When considering the vast amount of information stored on the Internet, you quickly come to appreciate the useful nature of search engines.
In a nutshell, search engines, such as AltaVista, Yahoo!, Excite, Infoseek, Lycos and so on, help people find information on the Internet.
Imagine trying to find information without a specific Web address or the help of a search engine. It would be virtually impossible and extremely frustrating.
A search engine, and there are hundreds of them, is effectively a Web detective, tracking down relevant Web sites pertaining to a user’s request for information.
The search engine then presents the user with a list of Web sites that best corresponds to the information the user requested.
How do search engines work?
Typically, search engines work by sending out a program called a spider, or robot, to travel throughout the Internet, gathering information. This information is then “read” by an indexer and stored in the search engine database.
When you search for particular information, this database is then accessed and the “closest fit” is presented.
Other search engines, which use Web crawlers, don’t use databases but instead search the databases of the other search engines. It is easy to see why Web sites should be submitted to search engines.
Search engines are the ultimate marketing tools for your online business. They give your business a better chance of being found by people searching for specific information.
How to get your site ready for search engines
There are two major issues when it comes to preparing your site for search engines.
Titles for your Web pages is one issue and the second is choosing the right keywords and description.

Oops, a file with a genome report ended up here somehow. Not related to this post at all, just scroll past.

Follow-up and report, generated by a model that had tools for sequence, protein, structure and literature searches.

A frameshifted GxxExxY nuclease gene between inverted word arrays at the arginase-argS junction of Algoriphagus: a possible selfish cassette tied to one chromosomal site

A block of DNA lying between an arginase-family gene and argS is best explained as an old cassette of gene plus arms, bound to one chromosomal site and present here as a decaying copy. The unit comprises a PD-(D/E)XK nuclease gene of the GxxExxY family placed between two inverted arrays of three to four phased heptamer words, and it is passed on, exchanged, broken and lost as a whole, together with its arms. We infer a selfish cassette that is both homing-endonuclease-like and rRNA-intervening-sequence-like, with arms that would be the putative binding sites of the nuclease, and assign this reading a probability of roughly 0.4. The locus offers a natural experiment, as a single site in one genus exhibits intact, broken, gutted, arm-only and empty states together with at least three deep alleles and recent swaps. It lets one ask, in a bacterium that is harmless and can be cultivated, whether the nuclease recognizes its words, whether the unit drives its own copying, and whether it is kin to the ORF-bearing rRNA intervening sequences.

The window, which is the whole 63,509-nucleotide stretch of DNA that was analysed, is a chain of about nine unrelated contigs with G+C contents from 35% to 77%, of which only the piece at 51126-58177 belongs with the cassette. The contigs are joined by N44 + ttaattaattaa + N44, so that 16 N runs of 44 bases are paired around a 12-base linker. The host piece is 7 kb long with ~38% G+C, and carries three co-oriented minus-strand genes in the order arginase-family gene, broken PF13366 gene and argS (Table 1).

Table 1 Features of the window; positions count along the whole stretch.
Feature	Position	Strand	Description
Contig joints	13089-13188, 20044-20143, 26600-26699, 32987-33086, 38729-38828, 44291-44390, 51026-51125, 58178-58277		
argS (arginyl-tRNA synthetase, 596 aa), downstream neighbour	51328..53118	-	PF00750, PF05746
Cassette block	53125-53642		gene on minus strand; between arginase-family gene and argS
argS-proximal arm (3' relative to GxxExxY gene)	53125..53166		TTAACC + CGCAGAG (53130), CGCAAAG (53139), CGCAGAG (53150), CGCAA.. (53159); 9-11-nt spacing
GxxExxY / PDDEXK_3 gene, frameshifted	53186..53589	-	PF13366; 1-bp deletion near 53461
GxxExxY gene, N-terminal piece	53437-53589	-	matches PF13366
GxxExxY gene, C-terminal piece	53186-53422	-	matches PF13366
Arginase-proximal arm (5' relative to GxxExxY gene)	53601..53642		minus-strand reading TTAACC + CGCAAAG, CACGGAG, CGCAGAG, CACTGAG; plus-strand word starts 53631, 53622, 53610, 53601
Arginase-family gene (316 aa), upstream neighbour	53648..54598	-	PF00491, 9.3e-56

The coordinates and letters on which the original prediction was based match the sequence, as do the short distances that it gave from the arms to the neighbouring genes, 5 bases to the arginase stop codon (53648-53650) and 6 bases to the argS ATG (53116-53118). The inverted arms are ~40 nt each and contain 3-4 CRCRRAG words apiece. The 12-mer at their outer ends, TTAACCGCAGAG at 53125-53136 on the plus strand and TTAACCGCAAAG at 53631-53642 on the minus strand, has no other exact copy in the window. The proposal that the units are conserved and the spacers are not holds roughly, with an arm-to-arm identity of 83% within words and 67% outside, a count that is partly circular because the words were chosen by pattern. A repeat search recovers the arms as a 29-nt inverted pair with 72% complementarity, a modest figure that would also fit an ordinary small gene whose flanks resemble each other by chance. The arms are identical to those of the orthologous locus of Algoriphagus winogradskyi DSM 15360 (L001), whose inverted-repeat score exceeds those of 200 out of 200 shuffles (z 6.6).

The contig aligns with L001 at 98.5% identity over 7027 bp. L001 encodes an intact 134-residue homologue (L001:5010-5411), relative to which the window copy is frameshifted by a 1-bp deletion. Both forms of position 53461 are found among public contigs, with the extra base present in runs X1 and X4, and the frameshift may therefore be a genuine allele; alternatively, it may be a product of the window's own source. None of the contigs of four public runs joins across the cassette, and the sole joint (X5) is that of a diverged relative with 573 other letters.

It is these tags that most search engines initially scan to index your site. Thus, they are the measuring sticks for your site’s success in a search.
So, for the purpose of search engine indexing and your Web site retrieval potential, you should pay close attention to:
- Title tags; and
- Meta tags, such as keywords and description tags.
Most search engines base searches on title tags, however, you can’t discount meta tags.
Tags are part of the “hidden” HTML code that underpins your Web site.
Each Web page may contain several different tags. These tags contain information such as who created the page, when it is updated, the page title, what the page is about and keywords relating to the page.
Meta tags are codes which help the different search engines categorise your site and place it in their results list.
This is extremely important as an average search can return thousands of Web pages and most Internet users will only view the first 20 to 30 pages.
You will definitely want your page to be highly ranked amongst those returned when a potential customer starts “surfing”.
As there are hundreds of search engines on the Internet, and some are far more popular with Web surfers than others, it is also important to gear your e-marketing strategies to suit specific search engines.
Using the right keywords
Many of the main search engines currently determine page ranking according to the number of keywords or terms in the title. They match the search term entered against the words used in the title tags. The nearer the match, the better ranking they will give to the page.